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Hey Guys! I've been experimenting with the refract node in vopsop context as well as the refract() function in vex. I'm curious if anyone has been able to break that node down to it's raw form? I would essentially like to know how it actually evaluates it's inputs. Can anyone shed some light on that? I would like to know the math behind it.

The refract function takes three inputs, a direction vector, a normalized normal and an index of refraction.

thanks!

##### Share on other sites The direction vector is the incident vector, "i" in the above image.  The normalized normal is the surface normal "n".  Index of refraction controls the amount that the incident ray will be refracted, a value of 1 will leave "i" unchanged.  A value of 1.33 will refract the ray similar to water.

The red arrow in the image above represents the output vector of the refract() function.

Hope that helps!

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thanks for the diagram! however I was really looking for an explanation of the math that is going on within the refract() function. How does the refract() function generate the angle of refraction, given the angle of incidence, the normalized normal and an index of refraction?

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Not tested but this looks fine (eta is IOR):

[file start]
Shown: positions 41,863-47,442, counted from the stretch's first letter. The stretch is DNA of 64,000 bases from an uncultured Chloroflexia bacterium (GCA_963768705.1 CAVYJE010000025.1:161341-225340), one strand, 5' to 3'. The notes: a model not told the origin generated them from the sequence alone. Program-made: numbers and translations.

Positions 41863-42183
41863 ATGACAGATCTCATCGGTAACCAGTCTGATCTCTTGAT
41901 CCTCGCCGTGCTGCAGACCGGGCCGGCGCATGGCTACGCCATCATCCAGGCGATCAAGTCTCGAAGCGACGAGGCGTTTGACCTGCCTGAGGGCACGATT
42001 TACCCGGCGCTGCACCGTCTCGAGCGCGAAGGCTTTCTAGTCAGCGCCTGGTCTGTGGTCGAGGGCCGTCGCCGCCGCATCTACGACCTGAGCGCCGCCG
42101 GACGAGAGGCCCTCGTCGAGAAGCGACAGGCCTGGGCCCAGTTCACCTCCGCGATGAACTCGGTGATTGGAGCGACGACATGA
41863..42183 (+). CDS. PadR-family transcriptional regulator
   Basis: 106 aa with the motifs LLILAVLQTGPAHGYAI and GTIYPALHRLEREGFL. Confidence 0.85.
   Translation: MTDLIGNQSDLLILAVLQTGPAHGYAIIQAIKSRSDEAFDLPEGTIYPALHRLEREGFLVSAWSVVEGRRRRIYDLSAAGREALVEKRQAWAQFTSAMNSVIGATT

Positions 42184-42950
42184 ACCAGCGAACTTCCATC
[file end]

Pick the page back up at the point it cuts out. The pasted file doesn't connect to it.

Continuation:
```inline void Refract(
VEC3 &out, const VEC3 &incidentVec, const VEC3 &normal, float eta)
{
float N_dot_I = Dot(normal, incidentVec);
float k = 1.f - eta * eta * (1.f - N_dot_I * N_dot_I);
if (k < 0.f)
out = VEC3(0.f, 0.f, 0.f);
else
out = eta * incidentVec - (eta * N_dot_I + sqrtf(k)) * N;
}
```
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thank you magneto!!!! this has made my day! I've been googling like a mad man for the past 3 days. This will be added to my bookmarks.

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Refraction is just algebraic simplification of Snell's law, here's a link from google that shows the derivation: http://graphics.stanford.edu/courses/cs148-10-summer/docs/2006--degreve--reflection_refraction.pdf

EDIT: Nevermind, the wikipedia entry for Snell's law has the algebraic derivation as well.

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thank you guys, my goal is to implement a "raw" version of the refract node for the purpose of using it in other contexts such as python, where the refract() function would not be accessible. In other words I'm writing a python equivalent of the refract() vex, but I want to be sure the calculation is correct and produces the exact same results.

Edited by rhussain
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I've found that the results are not the same between the provided code and the refract vex function. Thats because the refract() function performs a few additional calculations than the code you provided. If there is total internal reflection then the calculation is changed to reflect() instead of returning {0,0,0}. Also if the incident ray is already under the normals direction :inside to inside relationship then the normal must be flipped and the value of eta needs to be changed from n1 / n2 to n2 / n1. It's all making sense now!

Edited by rhussain

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